Over the weekend, a security breach changed the permission settings on millions of profiles in GEDmatch, a DNA database used by genealogists. For three hours, DNA profiles were visible to all members, including law enforcement agencies, which sometimes use the site to find partial matches to crime scene DNA.
Usually, GEDmatch users can select whether or not they want to share their DNA profile with police. When the attack reset users’ permissions, their data was temporarily visible to law enforcement. It’s unclear if any police searched the database during that time.
According to Verogen, the company that recently purchased GEDmatch, no user data was downloaded or compromised. But two days later, the genealogy website MyHeritage alerted users to a phishing scheme that targeted people who used both MyHeritage and GEDmatch. In a statement posted online, the company said it suspects the attackers may have gleaned the email addresses from GEDmatch.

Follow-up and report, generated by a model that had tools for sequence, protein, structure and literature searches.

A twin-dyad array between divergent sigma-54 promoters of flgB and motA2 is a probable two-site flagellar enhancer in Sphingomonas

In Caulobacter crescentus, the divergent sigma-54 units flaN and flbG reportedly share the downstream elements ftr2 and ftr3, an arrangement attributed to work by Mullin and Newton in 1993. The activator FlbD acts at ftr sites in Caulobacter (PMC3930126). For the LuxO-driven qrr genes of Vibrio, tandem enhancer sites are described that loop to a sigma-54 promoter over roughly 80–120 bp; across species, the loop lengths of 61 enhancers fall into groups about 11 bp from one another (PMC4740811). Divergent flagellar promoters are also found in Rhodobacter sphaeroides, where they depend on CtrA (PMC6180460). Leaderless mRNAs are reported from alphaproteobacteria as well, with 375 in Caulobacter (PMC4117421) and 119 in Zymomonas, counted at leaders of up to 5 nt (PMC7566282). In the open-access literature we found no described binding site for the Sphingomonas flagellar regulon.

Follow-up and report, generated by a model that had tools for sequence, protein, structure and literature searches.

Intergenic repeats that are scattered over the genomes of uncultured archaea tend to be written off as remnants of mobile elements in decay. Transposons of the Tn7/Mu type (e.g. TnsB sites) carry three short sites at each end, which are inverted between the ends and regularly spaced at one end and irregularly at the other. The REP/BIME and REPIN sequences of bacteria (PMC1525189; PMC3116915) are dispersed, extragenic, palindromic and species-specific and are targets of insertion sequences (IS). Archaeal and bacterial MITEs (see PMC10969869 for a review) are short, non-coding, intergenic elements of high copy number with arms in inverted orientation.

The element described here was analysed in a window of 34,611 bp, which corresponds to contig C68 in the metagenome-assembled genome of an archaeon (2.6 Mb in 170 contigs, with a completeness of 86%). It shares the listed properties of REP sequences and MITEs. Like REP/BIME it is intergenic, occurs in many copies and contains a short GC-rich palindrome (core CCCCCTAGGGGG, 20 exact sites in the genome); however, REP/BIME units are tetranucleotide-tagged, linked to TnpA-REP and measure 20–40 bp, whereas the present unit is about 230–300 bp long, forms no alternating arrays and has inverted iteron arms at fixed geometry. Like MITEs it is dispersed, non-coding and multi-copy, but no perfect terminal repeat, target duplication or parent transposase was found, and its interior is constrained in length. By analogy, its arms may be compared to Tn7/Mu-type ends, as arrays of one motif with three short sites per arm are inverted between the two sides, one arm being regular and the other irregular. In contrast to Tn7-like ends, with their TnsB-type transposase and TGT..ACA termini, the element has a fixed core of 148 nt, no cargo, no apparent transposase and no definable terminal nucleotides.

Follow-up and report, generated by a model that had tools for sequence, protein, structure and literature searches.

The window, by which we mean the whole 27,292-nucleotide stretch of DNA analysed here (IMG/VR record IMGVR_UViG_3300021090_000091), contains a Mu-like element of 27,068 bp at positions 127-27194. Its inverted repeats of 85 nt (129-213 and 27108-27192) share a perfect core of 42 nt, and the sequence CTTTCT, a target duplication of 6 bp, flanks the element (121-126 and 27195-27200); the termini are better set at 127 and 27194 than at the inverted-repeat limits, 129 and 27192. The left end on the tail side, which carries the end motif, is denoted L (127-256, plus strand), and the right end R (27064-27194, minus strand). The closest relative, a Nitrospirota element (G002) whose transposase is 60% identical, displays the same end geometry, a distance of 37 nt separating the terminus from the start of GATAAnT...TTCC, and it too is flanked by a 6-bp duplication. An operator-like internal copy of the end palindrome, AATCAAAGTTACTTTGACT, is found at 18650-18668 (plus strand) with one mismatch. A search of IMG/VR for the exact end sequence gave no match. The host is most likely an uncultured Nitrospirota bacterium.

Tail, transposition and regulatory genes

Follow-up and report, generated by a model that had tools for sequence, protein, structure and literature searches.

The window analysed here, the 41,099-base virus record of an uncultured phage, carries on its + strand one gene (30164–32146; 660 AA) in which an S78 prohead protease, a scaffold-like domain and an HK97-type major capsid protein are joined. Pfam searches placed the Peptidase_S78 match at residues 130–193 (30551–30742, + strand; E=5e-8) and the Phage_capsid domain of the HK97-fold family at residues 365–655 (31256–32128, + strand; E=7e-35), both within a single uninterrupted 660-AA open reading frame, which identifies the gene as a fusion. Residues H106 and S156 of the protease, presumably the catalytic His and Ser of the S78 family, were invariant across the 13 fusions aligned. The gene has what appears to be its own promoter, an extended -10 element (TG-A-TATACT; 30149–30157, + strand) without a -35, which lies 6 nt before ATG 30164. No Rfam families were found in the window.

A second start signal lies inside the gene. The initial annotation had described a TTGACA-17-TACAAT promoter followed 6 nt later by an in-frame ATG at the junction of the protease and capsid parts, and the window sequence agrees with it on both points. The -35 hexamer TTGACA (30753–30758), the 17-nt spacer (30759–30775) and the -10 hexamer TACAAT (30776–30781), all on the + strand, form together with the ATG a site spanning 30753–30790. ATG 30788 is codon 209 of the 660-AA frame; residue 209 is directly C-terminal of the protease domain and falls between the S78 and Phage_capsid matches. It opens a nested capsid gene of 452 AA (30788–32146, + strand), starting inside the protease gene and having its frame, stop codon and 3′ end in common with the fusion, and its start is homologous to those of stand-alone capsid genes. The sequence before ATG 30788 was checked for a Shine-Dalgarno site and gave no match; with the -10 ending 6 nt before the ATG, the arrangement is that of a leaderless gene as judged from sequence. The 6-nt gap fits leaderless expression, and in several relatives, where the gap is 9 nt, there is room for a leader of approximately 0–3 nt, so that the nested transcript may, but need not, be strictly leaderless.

Verogen has taken GEDmatch down. The company says it is working with a cybersecurity firm to conduct a forensic review and safeguard the site. That may not be enough to recover users’ trust.
Some already see giving law enforcement access to DNA profiles as controversial. As BuzzFeed News reports, this incident could limit those on both sides of the debate. If GEDmatch can’t keep data safe, users may be less likely to create DNA profiles, which could make it harder for police to use the site to solve cold cases. On the other hand, if GEDmatch can’t limit police access, users who may have made a profile on the condition it wouldn’t be used by law enforcement may not create a profile at all. That means less data for genealogists to work with.